If you’ve read many of my comp game reviews, than you probably know that while I certainly notice and dislike all kinds of mechanical prose errors, there is one error that consistently tops my enemies list: the NASTY FOUL ITS/IT’S ERROR. There’s a moment in this game where you can be stung by thousands of wasps until you eventually have an allergic reaction and die. Well, my its/it’s allergy had pretty much that experience while playing Son Of A…. A NFIE in the introduction was rapidly followed by two NFIEs in the first room description. Yet another one starting the very first object description I looked at (the wallet) had me commenting “ahhhhhhhhh IT IS killing me with the many errors BELONGING TO IT”.
It just kept going, and for a while there, I began to theorize that the author just always uses “it’s” no matter the occasion, which made me feel… a little better? But then, nope, there are correct uses of “its” sprinkled throughout the text, sometimes right alongside incorrect uses of “it’s”, as in this description of a ladder: “It’s thick structure has turned a silver-grey from sitting in the weather. Despite its age, it appears to have held up well.” There are also occasional correct usages of “it’s”. Sigh.
Aside from this swarming pestilence, and a few other mechanical bugs, the game’s writing is actually pretty strong. Son of a… does a nice job of setting an effective scene and layering the PC’s point of view with humor. In addition, the game implements nouns at a satisfying level of depth — players are often rewarded for inspecting every detail of a scene.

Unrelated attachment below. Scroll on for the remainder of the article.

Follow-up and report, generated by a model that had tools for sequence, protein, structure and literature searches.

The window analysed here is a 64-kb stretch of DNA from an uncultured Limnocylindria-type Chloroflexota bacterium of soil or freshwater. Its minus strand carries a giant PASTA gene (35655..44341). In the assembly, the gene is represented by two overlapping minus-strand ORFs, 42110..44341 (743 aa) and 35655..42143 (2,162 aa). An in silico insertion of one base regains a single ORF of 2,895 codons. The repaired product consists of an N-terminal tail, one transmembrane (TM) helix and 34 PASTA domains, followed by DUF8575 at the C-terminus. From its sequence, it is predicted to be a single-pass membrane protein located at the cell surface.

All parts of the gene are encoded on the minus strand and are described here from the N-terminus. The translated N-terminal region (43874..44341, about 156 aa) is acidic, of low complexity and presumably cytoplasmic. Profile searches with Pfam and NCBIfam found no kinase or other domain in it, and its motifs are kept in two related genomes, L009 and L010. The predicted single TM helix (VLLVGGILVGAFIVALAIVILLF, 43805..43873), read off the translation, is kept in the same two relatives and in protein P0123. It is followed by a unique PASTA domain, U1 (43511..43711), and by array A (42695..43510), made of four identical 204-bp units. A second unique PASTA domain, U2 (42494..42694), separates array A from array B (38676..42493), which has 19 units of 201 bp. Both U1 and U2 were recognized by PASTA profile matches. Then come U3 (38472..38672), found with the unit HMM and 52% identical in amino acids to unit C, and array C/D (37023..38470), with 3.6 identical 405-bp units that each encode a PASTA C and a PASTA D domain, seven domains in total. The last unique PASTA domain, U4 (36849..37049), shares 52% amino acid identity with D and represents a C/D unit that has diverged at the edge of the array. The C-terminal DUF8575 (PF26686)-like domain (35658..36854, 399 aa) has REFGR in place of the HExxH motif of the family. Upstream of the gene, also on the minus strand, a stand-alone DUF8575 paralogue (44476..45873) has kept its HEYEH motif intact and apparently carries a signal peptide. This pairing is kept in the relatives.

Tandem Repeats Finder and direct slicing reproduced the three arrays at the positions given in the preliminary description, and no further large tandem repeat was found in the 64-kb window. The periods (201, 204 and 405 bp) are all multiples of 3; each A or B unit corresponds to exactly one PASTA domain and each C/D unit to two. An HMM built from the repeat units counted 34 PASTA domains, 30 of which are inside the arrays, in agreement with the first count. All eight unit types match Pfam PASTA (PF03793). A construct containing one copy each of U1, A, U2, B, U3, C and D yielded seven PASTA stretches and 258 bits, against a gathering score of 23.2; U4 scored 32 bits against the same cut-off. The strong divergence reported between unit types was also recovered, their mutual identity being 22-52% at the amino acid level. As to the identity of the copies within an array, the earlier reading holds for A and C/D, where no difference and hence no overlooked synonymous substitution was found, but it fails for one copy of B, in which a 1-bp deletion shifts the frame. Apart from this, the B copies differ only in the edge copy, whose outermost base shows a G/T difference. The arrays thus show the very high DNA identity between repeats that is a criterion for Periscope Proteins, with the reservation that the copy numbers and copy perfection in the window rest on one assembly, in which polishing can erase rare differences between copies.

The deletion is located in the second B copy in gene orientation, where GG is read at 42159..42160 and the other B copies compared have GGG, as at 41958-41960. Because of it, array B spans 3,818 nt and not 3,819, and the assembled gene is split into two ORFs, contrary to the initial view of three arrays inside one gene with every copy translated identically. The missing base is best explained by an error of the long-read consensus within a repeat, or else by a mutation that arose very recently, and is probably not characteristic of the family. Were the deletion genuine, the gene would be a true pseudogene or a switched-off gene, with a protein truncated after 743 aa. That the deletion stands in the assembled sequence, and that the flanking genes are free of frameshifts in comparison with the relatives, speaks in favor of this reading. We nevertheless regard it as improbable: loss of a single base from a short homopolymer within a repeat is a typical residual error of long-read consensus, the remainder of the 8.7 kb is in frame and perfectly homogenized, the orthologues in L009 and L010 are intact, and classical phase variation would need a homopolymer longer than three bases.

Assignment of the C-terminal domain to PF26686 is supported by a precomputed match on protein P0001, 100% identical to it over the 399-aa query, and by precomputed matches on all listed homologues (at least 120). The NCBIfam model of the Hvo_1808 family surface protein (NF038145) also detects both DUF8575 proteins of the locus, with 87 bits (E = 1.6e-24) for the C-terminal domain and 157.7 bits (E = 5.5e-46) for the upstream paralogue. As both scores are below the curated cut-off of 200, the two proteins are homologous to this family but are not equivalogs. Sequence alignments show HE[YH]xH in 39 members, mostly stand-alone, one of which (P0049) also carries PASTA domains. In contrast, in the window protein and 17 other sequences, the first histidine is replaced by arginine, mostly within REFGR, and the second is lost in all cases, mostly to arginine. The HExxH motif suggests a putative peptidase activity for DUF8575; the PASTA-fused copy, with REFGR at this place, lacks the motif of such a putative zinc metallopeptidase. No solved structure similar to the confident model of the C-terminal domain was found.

Other implementation details are a bit more peculiar. For instance, the game clearly states in its help text:
1. Entering important places or taking important things will increase your score.
2. Completing puzzles will not increase your score.
But… why? I’m guessing perhaps this is the foible of a first-time author who found it too difficult to make Inform recognize when a puzzle was solved, and just gave up on the whole idea. This approach does lead to an odd gameplay experience, though, in which you can be wandering around with full points but several more puzzles to solve before completing the story.
As for the puzzles themselves, they’re a pretty pleasant diversion. Just as the writing does a good job of setting the scene, the structure of the scenario is intriguing and offers lots of opportunities for logical barriers solved by logical means. There is a pretty gaping plot hole — wouldn’t a long-abandoned motel have had its power cut off? For the most part, though, I enjoyed finding ways to resolve the PC’s predicament, and even had a few satisfying “aha” moments when I hit upon clear solutions that had initially eluded me.
What a pity, then, that a fundamentally enjoyable game is badly flawed with simple, fixable mechanical errors that simply were not fixed. Here’s an oldie but a goodie: Bob’s Guide to Its and It’s, You Idiots. Print it out, hang it up, and avoid those mandatory deductions.